Don’t worry: holiday cheer doesn’t have to lead to lawn decay and tears.
During Pensacola winters, turf grass enters a natural state of dormancy as a way to rest and eventually flourish in the spring. Herein lies a great deal of confusion regarding Florida lawn health: if your grass looks extra brown or dry this time of year, don’t worry — that just means the grass is dormant.
Many Pensacola residents read dormancy as a lawn’s cry for help, and respond with super-soaking their grass. But, providing extra water to offset grass dormancy can actually do more harm than good. Instead, consider the following ways winter weather affects Pensacola grass, learn how to fend off damage, and ensure a happy, healthy, Pensacola lawn come springtime.
1. Extra Moisture
Pensacola winters come with extra moisture, so grass doesn’t need nearly as much watering this time of year. In the summer, Northwest Florida grass requires between ½ - ¾ of an inch of water every 2-3 days. In the winter, the same lawn can go 2-3 weeks without water. Be mindful of weather — especially rainfall — and adjust watering as needed to preserve your lawn in the winter months.
If you’re prepping the lawn for a visit from Rudolph, the automatic sprinklers should be off. In the rare event of a Florida freeze you are exposing your sprinkler system to damage. But, even more importantly, automatic sprinklers will give your lawn too much water and prevent it from going dormant during the winter.
2. Increased vulnerability
While in dormancy, panhandle grass is especially susceptible to damage. The winter is an important time for grass to rehydrate and prepare for a springtime bloom, so added stress from foot traffic, over-fertilization, and even mowing too often can upset the dormancy balance.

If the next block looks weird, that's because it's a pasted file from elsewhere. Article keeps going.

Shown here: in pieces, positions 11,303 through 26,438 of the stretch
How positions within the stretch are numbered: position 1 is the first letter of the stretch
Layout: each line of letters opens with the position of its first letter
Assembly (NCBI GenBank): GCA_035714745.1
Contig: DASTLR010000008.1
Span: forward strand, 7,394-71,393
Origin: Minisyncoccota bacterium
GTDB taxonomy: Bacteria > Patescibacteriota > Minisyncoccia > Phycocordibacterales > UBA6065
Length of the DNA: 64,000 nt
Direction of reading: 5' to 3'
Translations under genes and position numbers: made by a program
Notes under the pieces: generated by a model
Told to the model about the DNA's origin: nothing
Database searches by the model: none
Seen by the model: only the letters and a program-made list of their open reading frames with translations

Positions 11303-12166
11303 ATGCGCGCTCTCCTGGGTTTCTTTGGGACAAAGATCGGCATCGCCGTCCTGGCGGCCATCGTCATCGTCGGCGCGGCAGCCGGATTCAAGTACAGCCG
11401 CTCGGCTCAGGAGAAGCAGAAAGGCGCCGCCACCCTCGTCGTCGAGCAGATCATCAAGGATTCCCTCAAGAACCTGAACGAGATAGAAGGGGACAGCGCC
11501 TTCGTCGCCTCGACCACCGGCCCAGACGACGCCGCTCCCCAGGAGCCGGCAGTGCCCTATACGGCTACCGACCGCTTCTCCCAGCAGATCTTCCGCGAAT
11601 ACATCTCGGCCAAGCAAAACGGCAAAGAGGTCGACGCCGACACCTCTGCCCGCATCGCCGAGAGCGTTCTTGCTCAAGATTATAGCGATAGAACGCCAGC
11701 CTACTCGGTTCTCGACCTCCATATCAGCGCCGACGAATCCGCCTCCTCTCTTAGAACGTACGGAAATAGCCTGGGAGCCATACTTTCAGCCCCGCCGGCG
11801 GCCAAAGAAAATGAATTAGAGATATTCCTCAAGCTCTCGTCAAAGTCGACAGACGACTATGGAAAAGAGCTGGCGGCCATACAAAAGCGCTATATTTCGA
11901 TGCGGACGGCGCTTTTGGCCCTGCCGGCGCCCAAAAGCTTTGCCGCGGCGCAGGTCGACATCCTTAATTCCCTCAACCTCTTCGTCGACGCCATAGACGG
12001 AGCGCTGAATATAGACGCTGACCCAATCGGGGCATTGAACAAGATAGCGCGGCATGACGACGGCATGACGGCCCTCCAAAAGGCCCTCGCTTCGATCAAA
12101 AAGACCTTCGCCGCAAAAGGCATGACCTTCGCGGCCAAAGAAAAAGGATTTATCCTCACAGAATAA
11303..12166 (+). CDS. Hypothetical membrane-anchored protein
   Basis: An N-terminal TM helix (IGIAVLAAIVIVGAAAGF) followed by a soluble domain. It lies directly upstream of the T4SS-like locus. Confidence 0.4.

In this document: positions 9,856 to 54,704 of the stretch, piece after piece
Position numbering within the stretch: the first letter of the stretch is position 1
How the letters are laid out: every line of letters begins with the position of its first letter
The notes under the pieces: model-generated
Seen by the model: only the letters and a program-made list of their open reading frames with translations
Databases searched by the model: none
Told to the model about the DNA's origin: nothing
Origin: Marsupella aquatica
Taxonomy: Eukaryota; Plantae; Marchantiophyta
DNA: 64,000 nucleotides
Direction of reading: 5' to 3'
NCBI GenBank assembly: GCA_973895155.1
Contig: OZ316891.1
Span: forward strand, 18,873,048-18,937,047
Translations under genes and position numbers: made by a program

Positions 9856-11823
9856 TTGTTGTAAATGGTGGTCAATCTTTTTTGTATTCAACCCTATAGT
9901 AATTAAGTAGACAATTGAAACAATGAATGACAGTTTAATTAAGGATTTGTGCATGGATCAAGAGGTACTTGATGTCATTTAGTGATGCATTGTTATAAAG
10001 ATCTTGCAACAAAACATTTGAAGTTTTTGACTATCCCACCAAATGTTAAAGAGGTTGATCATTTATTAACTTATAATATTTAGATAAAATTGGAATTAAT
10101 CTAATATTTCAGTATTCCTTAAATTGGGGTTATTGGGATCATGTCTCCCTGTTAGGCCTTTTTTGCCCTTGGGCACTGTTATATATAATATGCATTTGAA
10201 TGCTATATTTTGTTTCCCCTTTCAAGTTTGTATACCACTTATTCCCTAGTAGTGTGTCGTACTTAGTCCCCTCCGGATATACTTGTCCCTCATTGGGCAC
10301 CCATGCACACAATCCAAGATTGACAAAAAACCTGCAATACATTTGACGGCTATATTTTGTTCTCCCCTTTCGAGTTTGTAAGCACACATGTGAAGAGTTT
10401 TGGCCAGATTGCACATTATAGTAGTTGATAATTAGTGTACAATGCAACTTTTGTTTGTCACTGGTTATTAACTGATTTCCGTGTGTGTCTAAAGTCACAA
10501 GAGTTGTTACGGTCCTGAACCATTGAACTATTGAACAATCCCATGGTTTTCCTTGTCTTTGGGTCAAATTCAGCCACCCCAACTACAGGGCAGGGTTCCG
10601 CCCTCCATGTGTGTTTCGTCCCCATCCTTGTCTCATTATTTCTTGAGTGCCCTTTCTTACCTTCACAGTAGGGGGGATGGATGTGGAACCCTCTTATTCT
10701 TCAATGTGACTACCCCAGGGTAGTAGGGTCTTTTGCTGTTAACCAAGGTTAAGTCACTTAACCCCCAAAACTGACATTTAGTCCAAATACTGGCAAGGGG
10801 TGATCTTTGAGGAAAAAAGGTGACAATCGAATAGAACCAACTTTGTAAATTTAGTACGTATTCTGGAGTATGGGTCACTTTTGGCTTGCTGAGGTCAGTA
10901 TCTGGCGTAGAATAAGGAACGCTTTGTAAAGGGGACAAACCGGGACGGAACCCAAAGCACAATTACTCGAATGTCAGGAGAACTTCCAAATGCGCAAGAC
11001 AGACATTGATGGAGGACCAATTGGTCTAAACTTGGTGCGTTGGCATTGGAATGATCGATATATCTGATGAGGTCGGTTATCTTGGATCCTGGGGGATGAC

Consider walking around the lawn to get to your front door next time, or maybe take the dogs to a dog park instead of the backyard. In order to preserve your lawn, you might need to be extra gentle during the winter and be mindful that disrupting dormancy will negatively affect growth later in the year.
3. Winter Lawn Diseases
In Pensacola, there are three primary turfgrass diseases which can wreak havoc on your lawn:
- Pythium Blight
- Harmful Nematodes
- Brown Patch/Large Patch
Don’t panic — these lawn ailments are not guaranteed to strike your Pensacola grass, and a little preventative care and the right chemical treatment can help fend them off. Here are a few ways to stave off winter lawn diseases:
- Taper off fertilization to allow grass to go dormant naturally
- Overseed with treated ryegrass seeds to maintain green color in the winter
- Avoid mowing too short, because short grass is more susceptible to these diseases
If you’re worried that winter conditions will compromise the health of your Pensacola grass, contact Lawn Master. Lawn Master is a local, family-owned lawn care service that specializes in maintaining beautiful lawns in Northwest Florida weather.